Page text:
Ring Lowlights: Despite talk about a move toward large cocktail rings, retailer response was sporadic. Giant hinged rings that went over the knuckle as well as double knuckle-busters have seen their day, although new styles with pearls did look fresh.
Highlights: Watches had a big push in boxed sets for holiday, mixing in bangles together with watches. Black metals and black crystals were key for the season. For Spring 15, things lighten up, with larger, colored dials and rose or yellow gold mixed with white. Below, AK Anne Klein’s black-on-black styles for Holiday.
Kenneth Cole launched its Kenneth Cole Connect/Technology Platform watch. Retailing for $135 to $165, this designer “fashion tech” watch connects with tech devises, offering alerts for email, events, alarm, missed call and more. Users can even control their music housed on their phone.
Fossil celebrated its 30th anniversary with a retro collection. The company also launched a new collaboration with Eley Kishimoto, featuring retro, mid-century modern styling. Rose gold continued in watches, from holiday into spring, both in metal bracelets and strap styles.
Lowlights: The ever-popular chunky Michael Kors “boyfriend” bracelet watch has saturated the market, both literally and in other brands aiming to emulate the look. Rose gold looked newest here, but overall the style looked dated.
Highlights: In resonse to a tougher business over the last year, handbag manufacturers have been generally playing it safe, with nothing too crazy different or novel. Backpacks, drawstrings and sling bags, however, “where everywhere,” especially when shown with a convertible element that allows the consumer to switch back and forth to various styles. Many had handles in addition to straps, and outside zippers added functionality.
Cross-body silhouettes that sat close to the body were key, and natural, “barely there” leathers will be strong for Spring 15. Fringe was also key, as were leather tassels in same or contrast leathers.
Black-and-white combos also sold at Market, especially in optical prints as well as tribal graphic patterns (with an optical twist). Pops of color, seen in tassels or trim, moved them away from monochrome.
Maureen Shea, DMM of Accessories at eBags.com and Handbags.com, noted that handbag prices have been coming down due to price compression from Michael Kors. [Pretty much all manufacturers gripe about Michael Kors’ hefty handbag market share.] Shea notes she bought more heavily into perforated handbags, which, while not a new trend, have gained traction among her customers.
Another key item is the rise of the minibag, and many are opting for these in place of clutches. As a result, retailers are boosting their buys of this item. Snake remained a very popular material, available in both soft and slouchy materials or hard and structured.
Lowlights: Totes are still in demand, but retailers are placing more emphasis on cross-bodies. The return to snake drew attention away from croco.
Highlights: Bold, graphic and fun were key words in SLGs, as retailers bought into fun, experimental pieces for their customers. The Graphic trend was powerful, often seen in bold black-and-white with pops of color. With cross-body and clutch silhouettes so hot in handbags, retailers are seeking more compact, flatter wallets.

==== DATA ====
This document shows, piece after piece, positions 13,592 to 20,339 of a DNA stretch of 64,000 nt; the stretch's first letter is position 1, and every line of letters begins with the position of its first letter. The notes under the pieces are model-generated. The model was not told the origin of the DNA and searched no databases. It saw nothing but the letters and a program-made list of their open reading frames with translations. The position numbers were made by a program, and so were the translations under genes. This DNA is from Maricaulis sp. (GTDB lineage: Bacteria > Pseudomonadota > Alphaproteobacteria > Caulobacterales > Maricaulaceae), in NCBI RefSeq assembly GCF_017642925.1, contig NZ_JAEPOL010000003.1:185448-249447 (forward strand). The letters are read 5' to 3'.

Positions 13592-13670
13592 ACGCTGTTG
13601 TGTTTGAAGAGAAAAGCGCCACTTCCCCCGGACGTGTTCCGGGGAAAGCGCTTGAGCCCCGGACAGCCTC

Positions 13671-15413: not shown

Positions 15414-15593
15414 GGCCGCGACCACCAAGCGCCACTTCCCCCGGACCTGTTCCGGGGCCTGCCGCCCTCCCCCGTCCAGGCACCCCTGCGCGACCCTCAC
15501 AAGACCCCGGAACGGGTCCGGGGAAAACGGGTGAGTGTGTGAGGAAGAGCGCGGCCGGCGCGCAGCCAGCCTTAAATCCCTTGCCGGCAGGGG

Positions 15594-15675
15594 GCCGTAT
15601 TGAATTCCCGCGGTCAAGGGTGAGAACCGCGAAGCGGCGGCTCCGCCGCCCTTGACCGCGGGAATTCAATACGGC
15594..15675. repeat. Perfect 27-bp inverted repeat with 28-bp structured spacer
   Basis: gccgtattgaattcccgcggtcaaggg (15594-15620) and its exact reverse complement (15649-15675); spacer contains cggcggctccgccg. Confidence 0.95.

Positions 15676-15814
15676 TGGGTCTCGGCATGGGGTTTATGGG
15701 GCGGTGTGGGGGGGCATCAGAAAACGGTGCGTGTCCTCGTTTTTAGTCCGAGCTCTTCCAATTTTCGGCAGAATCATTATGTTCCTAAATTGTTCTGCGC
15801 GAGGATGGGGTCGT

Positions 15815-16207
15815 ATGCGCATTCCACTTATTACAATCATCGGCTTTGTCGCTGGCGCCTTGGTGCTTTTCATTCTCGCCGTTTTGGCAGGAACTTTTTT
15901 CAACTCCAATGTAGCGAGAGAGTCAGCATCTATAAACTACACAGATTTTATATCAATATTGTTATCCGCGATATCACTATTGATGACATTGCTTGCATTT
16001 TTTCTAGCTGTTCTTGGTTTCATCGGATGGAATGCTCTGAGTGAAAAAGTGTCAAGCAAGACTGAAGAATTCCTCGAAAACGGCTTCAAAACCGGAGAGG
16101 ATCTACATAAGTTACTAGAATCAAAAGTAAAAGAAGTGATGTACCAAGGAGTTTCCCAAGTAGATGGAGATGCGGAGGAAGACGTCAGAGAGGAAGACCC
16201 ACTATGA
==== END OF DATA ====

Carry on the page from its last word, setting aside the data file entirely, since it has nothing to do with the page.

The wristlet has emerged as a key item, often shown with a decorative strap that looks like a bracelet when worn.
Highlights: Hat business is up again and stores are writing larger orders. The must-have hat for holiday is what vendors are calling the American Canyon look. This cut-edge Safari Hat with a pinch crown is also sometimes called a gaucho hat—similar to what was seen on the Yves St Laurent runways. This captures the whole Americana vibe– featuring conchos, suedes, fringe and distressed leather trims.
Regarding price, John Callanan, Designer, Dorfman Pacific, reports a price shift with better retailers. “Rather than buying deep into less expensive styles they are going for more upscale, luxury hats. Instead of stocking a slew of styles at under $40, they are stocking the accessory department with a few really special hats at retail price of $125 to $150. People are looking for quality and luxury in a hat, rather than a one-season throw-away piece.” For Resort and Spring 15, it’s interesting to note that lightweight felt will move ahead into warmer months. Why? You just can’t get the same “safari hat” shape with straw and that trend is set to last.
Baseball hats were also a hot item, with everything from edgy studs to sporty perforations to feminine lace or floral prints.
Lowlights: Musician Pharrell Williams didn’t exactly set off a run on high-crowned, Smokey the Bear hats, although he did get lots of people talking about hats in general. Believe it or not, black is down as a color and it’s all about navy and indigo, according to vendors. Retailers have moved on from plain menswear fedoras, but those with printed stripes, as opposed to fabric brims, look newest.